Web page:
When we crave a home-town taste of the kind of theater that makes us miss New York, Seattle, Chicago, and San Francisco -- more thoughtful (though often still gaspingly funny), less spectacle-driven works that audiences elsewhere have enjoyed relatively recently -- Actors Theatre is the place to go.
So it's with joy that I share AT's 2011-12 season schedule -- a cool and diverse menu that includes newer (and older) works from good writers whose plays have been presented by the troupe before, a chic tour de force with Arizona bloodlines, and a topical dramedy from a spanking new actor-turned-writer.
A Conversation with Edith Head stars Tucson-based performer/director/activist Susan Claassen, who created the show with Paddy Calistro, co-autobiographer of Edith Head, the workaholic costume designer who won eight Oscars dressing the greatest divas of the silver screen.
Opening September 16, the dishy, film-lore-packed play was actually first presented in the Valley in 2009, when we hosted the 35th Annual Symposium of the Costume Society of America (which might not have been on your radar), and was also a big hit at 2007's Edinburgh Festival Fringe.
Next Fall, which opens October 28, didn't have the momentum for a lengthy Broadway run last summer, but it was extended multiple times off-Broadway and received a Tony nomination for Best Play. Actor Geoffrey Nauffts' first script follows an NYC couple and their friends and family through the consequences of a car accident that adds complications to an already stressed relationship: The injured man is a devout Christian who has not yet come out as gay.
Though audience opinions about whether the play is truly contemporary or groundbreaking appear to be mixed, Next Fall's been lauded for its mix of humor and pain and its respectful treatment of all shades of faith and orientation.
The next four productions on AT's schedule mark the return of playwrights we're happy to see again. Not only could these writers not be much more different from one another, their works are departures from what we've seen from them at Actors Theatre before, demonstrating their continuing growth as working artists.
Hunter Gatherers is a work from 2006 by Peter Sinn Nachtrieb, the author of Boom. The play begins with an urban couple slaughtering a lamb in their condo for a small, informal dinner and goes on to examine the ridiculous extremes privileged folk go to in their quest to find the perfect, "natural" way not just to eat but to live in general. I'm not a big fan of what human beings have done to themselves (and each other) in the name of civilization, even while I'm an inextricable part of it, so I'm looking ever so forward to this one, which opens December 30.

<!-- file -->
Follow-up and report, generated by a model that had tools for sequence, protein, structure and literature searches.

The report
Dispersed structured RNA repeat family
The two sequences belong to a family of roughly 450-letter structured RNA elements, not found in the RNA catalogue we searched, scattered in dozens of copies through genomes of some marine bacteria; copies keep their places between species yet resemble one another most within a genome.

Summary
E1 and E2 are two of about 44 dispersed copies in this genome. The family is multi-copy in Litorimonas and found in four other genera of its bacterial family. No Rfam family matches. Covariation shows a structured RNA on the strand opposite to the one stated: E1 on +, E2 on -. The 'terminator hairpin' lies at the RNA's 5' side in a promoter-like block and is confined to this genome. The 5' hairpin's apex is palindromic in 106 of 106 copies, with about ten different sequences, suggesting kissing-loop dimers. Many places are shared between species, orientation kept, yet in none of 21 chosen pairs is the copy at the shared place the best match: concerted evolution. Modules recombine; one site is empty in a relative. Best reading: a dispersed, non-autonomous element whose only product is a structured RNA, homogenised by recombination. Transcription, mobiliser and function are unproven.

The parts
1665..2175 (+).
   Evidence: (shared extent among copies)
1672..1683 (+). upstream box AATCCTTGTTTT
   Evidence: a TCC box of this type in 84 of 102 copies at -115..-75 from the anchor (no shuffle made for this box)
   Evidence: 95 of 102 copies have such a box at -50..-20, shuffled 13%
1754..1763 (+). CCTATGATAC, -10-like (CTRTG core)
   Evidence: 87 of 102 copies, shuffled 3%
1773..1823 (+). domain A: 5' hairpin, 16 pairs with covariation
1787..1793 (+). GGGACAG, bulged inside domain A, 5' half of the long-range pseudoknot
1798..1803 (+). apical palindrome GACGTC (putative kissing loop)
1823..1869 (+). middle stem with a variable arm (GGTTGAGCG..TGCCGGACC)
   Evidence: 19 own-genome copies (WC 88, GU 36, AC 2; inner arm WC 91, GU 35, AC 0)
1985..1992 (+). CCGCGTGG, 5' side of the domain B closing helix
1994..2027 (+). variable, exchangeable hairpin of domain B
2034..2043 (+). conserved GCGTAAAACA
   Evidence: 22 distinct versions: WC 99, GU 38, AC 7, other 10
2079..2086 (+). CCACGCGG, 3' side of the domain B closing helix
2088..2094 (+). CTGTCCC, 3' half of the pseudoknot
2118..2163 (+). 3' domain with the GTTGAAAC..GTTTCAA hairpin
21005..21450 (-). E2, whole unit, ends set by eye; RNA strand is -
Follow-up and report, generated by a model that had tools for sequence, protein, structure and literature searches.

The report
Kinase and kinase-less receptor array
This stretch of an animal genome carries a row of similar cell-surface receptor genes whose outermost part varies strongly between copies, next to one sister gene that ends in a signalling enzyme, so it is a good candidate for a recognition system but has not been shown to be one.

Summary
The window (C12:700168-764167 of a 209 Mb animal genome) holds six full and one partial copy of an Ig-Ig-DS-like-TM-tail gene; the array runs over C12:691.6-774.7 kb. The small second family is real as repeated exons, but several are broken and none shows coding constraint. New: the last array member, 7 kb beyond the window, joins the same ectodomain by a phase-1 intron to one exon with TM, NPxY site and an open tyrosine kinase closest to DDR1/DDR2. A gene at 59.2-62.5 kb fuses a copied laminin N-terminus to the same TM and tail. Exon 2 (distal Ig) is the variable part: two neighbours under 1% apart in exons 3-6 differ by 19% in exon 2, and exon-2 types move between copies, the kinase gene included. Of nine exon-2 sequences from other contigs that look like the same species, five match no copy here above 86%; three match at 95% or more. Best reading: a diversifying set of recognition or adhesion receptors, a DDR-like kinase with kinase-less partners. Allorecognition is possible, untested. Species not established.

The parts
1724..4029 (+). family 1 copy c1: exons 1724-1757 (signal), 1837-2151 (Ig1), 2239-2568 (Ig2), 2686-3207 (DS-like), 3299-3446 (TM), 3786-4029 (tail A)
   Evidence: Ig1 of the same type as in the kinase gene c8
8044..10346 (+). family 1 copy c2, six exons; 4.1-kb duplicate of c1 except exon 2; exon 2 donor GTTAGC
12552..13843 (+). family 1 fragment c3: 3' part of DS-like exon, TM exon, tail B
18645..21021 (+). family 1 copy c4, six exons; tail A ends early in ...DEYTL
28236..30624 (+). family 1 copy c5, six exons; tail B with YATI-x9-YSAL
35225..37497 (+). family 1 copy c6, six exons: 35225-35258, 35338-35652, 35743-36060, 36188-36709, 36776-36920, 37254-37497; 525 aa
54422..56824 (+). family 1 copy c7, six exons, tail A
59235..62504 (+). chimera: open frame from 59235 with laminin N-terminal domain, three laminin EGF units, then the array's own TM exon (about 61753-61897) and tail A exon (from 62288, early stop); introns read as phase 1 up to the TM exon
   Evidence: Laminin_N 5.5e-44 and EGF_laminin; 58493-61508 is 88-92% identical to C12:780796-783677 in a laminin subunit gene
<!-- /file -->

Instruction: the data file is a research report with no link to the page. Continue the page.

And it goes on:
The still-sizzling Sarah Ruhl's contribution to 2012 is called Dead Man's Cell Phone, and it's another kind of visit to our own century and what archetypical needs we're trying to fulfill in it. The title's refreshingly descriptive, and though the play explores memory, human connection, and mortality in Ruhl's trademark quirky, dramatic-unity-busting fashion, it sounds like a purely fun depiction of a common, mundane fantasy, as well. Dead Man's Cell Phone opens February 24.
Annie Baker, the author of the somewhat touchy-feely, actor-centric Circle Mirror Transformation, is also the author of Body Awareness, which Actors Theatre will present beginning March 30, 2012. An earlier work, Body Awareness also takes place in the small academic town of Shirley, Vermont, where a lesbian couple, one of whom is in charge of Body Awareness Week at the local university, hosts a male photographer of female nudes who fits uneasily into their household.
Finally, AT will close next season with Donald Margulies' Time Stands Still. Though the play's characters are journalists covering the war in Iraq, its themes will hold up no matter who we're shooting at by next spring.
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A photographer recovering from injuries received in a bombing is not ready to hang up her camera, though her longtime personal and professional partner would prefer to settle down. That's not the only conflict, though -- years of documenting suffering without the means to relieve it are taking their toll, as well.
Margulies won a Pulitzer Prize for Dinner with Friends, and his epic Shipwrecked! An Entertainment. The Amazing Adventures of Louis de Rougemont (as told by himself) shows that he can successfully employ styles, settings, and subject matter from all over the map. Time Stands Still sounds like a solid, fascinating drama and a showcase for local actors, and it opens May 11, 1012.
Actors Theatre performs at Herberger Theater Center, 222 East Monroe Street. You can check into season tickets here, or call 602-253-6701 x108. Starting August 1, call 602-252-8497 or click here for tickets to individual shows in the upcoming season.